Can we really learn without the deepening wisdom that comes from experience? Is it possible to be immersed in information so much and so often that it keeps us from learning? I think so!

Hence, we may have baskets full of very good ideas to try sometime, while our basket of tried and true may stay closer to empty.

And that feels exhausting!

The joy and transforming energy comes in actually doing the work!

Doing the brainstorming. Actually making the list. Participating in the discussion. Feeling the pain of change. Confronting old patterns of belief. Taking the risks. Possibly appearing foolish while starting at the beginning of a new endeavor. {Did I mention pain?}

So here’s a challenge:

If you read or hear an idea today that sounds like something that would bless your life, I challenge you to stop gathering long enough to put that one thing into action.

Consider setting a goal to work on only a handful of small things at once and limit your gathering activities, or at least be extremely selective about the sources to which you will give your precious learning time.

There is great joy that comes when we hear and do. Great learning. Great wisdom. Great progress, even if the things we do are very, very small.

When you feel the triumph of doing the next baby step, it is exhilarating! That is because our joy comes as we take the tiny, incremental steps learning requires!

While on the other hand, gathering turns into pseudo-learning if we stay in that preliminary step, telling ourselves that we are being productive! We are kept from the joy of action because the time we need to practice is already spent in gathering more.

It’s wonderful to have a file for ideas to try later! Or for ways to get a regular shot–in-the-arm to stay motivated and on task; a place for recipes, hurrah for Pinterest! But— learning will be joyful when we actually start cooking. And don’t forget the eating!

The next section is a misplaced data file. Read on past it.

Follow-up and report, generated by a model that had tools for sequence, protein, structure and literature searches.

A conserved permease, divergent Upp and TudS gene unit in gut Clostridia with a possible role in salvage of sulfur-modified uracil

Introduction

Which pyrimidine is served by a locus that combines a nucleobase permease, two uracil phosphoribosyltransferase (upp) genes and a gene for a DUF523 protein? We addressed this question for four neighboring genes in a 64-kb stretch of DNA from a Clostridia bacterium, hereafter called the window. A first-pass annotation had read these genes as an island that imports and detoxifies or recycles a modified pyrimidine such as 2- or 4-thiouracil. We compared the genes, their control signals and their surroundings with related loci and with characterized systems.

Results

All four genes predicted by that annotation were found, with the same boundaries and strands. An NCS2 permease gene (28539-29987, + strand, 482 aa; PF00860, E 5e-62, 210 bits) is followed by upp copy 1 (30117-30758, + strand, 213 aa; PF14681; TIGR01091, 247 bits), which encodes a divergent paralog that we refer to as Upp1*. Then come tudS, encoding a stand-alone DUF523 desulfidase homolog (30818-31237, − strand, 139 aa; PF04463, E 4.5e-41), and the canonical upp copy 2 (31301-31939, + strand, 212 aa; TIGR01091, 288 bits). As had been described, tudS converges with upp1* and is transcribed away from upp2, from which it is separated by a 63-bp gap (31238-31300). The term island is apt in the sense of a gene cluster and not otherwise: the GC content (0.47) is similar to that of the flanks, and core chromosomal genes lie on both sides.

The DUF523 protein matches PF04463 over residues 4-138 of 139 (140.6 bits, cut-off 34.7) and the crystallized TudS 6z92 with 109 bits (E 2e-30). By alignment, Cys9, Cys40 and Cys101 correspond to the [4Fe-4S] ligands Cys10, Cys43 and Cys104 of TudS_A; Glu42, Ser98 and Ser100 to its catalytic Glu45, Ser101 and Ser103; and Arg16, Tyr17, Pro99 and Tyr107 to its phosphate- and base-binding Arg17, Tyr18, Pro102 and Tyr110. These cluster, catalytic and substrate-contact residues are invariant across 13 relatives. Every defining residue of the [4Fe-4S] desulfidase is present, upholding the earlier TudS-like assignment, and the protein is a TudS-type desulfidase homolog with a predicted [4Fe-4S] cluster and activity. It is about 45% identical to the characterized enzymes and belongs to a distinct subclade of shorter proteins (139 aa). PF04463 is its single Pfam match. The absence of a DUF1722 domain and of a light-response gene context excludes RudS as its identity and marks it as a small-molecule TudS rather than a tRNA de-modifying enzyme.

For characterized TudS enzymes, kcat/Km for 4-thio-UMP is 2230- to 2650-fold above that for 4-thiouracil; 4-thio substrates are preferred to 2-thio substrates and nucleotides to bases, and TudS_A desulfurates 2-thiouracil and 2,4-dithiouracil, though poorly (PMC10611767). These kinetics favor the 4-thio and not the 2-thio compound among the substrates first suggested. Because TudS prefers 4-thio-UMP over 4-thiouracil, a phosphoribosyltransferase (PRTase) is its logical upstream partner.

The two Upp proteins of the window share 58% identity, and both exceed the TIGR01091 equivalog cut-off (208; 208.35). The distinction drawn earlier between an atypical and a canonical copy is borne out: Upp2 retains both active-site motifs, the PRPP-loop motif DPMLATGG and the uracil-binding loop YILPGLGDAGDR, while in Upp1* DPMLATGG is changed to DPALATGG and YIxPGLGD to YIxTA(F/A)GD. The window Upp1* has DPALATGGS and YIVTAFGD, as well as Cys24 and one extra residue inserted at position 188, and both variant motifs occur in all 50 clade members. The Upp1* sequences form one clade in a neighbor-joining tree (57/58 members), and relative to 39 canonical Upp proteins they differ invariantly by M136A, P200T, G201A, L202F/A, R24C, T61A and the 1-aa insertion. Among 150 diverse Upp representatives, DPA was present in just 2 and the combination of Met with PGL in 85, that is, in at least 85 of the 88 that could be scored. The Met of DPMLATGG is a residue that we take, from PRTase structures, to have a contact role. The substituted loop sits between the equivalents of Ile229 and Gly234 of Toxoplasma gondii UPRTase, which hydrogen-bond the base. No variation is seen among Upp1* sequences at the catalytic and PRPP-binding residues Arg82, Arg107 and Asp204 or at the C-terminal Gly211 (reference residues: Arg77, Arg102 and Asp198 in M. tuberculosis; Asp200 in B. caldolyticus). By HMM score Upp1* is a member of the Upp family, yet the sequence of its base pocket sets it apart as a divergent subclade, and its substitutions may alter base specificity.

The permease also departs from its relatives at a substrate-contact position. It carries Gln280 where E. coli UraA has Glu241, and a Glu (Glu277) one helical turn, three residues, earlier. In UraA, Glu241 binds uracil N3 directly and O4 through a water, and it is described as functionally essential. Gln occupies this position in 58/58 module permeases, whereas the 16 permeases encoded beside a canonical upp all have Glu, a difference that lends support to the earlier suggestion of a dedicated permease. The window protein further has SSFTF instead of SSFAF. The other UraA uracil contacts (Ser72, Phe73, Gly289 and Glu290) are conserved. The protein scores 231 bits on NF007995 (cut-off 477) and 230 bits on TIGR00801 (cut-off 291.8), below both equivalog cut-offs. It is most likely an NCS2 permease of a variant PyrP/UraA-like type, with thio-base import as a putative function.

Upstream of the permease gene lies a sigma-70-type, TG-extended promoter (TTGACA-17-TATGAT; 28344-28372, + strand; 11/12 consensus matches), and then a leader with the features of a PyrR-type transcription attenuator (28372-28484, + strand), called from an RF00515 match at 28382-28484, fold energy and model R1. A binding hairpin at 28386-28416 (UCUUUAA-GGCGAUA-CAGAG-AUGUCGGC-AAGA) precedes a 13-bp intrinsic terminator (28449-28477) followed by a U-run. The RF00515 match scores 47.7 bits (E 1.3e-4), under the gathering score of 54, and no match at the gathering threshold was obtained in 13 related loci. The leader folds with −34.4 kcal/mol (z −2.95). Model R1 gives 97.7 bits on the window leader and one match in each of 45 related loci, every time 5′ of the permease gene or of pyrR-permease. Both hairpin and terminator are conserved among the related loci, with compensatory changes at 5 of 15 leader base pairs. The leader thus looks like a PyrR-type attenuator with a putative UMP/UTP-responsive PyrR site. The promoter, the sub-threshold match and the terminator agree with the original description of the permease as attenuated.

I’m sending you my love. You’re doing far better than you know! I hope you will enjoy your life in this day; slow down {at least find quiet moments}, hear the birds and give thanks.

Love,

“The mission of Lioness at the Door is to uplift, strengthen and encourage women of all ages to magnify health, hope and happiness at home. We do so boldly, with humility and gratitude for the opportunity.”

Small Means

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It never ceases to amaze me how misaligned our beliefs can become.

Do we sometimes think that our life won’t really have meaning until we accomplish some big and public thing?

Or that what we do in family life each day somehow pales in comparison to what we or others are doing out there?

That we can’t really feel good about our day if it only amounted to rocking a sick baby or serving the people we love? That caring for ourselves must take a backseat…

Well, in reality, those thoughts are backward.

It is actually the very small acts of living and giving that amount to the most meaningful and productive events in our lives!

Learning to be present in the moments we have with our loved ones, however insignificant those moments may seem, can create profound and lasting ties.